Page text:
By Alicia Munson
The Arc Minnesota Public Policy Director
The health care that people with disabilities receive through Medicaid has been a lifeline for over half a century. Medicaid means lifesaving prescriptions, therapies and treatments, increasing life expectancies and survival from once fatal injuries and situations.
Creating burdensome barriers to Medicaid (Medical Assistance, or MA, in Minnesota) won’t strengthen our communities, won’t save taxpayer dollars, and will put individuals with disabilities at risk of losing vital healthcare and personal services that allow them to live, work and thrive in their communities. A new report from the Journal for the American Medical Association (JAMA) adds fresh evidence to these claims, concluding that “implementing Medicaid work requirements will likely result in greater administrative expenses, eligible persons losing coverage for failure to complete paperwork, and loss of benefits that support employment.”
Last spring, Minnesota policymakers rejected legislation that would have required thousands of Minnesotans who access MA based on income to report each month whether they worked or volunteered at least 20 hours a week, or prove that they are exempt from the requirement. These types of reporting requirements would jeopardize the health care and prescription drug coverage, as well as many other critical supports, for 20,000 Minnesotans with disabilities.
For many Minnesotans with disabilities, consistent MA coverage is critical to ensuring services they need in order to work. These services make it possible for them to get ready for work, get to and from their jobs, and get the support they need on the job, while meeting any ongoing medical needs, mental health challenges, or periods of illness. Requiring people to work to qualify for MA would create a situation in which they cannot work. When people with disabilities access Medicaid through the Medicaid Expansion, they actually save the state money by not spending down their monthly income to become eligible for the disability door to Medicaid where they would need to declare themselves permanently disabled.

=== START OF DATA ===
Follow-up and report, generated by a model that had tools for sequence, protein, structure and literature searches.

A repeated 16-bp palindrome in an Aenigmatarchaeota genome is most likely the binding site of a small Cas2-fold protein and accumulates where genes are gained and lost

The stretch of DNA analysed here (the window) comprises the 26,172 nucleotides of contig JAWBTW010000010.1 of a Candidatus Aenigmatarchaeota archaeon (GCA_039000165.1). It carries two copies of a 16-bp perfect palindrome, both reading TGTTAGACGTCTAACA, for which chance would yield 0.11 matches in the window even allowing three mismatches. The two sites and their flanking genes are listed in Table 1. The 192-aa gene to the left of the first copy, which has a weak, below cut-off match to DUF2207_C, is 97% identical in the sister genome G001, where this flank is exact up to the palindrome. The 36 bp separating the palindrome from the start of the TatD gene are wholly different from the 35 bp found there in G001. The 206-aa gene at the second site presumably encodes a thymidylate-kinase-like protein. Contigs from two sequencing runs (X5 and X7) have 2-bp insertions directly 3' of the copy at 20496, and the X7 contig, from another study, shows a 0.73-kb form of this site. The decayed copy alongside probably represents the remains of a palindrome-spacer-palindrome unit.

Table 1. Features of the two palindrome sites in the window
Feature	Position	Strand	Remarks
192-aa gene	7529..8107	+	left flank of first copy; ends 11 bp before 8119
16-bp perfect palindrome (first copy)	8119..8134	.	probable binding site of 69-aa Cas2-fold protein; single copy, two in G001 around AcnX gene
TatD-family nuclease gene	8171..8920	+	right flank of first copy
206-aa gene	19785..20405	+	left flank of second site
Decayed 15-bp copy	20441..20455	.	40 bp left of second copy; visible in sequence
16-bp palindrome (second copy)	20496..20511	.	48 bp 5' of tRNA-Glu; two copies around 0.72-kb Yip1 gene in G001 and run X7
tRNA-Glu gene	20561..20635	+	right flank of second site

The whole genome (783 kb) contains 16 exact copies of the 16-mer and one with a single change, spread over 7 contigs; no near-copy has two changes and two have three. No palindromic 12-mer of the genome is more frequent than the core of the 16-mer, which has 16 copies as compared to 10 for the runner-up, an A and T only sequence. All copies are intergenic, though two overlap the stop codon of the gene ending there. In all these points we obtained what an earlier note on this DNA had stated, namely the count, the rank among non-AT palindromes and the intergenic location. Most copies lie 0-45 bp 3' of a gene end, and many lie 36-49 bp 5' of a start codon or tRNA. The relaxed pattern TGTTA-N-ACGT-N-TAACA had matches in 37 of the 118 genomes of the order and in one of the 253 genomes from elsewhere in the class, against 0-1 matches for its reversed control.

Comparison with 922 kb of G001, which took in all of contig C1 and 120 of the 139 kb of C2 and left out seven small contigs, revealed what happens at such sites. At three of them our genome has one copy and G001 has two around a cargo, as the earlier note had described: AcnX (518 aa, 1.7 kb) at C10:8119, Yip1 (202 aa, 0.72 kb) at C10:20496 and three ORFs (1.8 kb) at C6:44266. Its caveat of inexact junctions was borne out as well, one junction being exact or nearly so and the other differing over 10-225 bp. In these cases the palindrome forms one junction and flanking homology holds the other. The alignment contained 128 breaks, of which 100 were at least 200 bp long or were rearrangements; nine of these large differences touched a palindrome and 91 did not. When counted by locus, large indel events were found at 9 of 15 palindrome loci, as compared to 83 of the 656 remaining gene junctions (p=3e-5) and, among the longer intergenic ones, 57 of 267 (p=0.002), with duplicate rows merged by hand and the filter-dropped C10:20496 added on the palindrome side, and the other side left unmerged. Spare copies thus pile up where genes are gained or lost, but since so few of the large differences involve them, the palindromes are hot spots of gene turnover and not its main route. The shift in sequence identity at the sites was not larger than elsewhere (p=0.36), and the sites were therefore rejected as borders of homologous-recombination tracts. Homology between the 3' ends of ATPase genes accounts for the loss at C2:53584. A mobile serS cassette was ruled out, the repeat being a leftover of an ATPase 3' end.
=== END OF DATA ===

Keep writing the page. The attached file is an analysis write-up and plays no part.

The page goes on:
Furthermore, the JAMA study finds that most people receiving health care through Medicaid who can work are already doing so. Making these people file work reporting requirements is purposeless and overly burdensome, and potentially causes them to lose the MA for which they’re eligible.
Despite claims made by proponents that these requirements would reduce Medical Assistance costs, the JAMA study demonstrates that administrative costs of creating this additional layer of bureaucracy would be massive. According to state estimates, counties across Minnesota would incur more than $160 million in additional costs per year if work reporting requirements are implemented.
Medical Assistance is essential, ensuring that people with disabilities, and all Minnesotans, can get the care we need, when we need it. More than 50 nonpartisan organizations engaged in the Minnesota-based This Is Medicaid coalition agree, and have been working together to protect the promise of Medicaid. This Is Medicaid encourages the public and elected officials to value Medicaid as the crucial lifeline it is – helping Minnesotans with disabilities stay healthy, receive support at home, gain and maintain employment, and in engage in their communities. To learn more about This Is Medicaid, visit www.thisismedicaid.org.
Read the JAMA article here.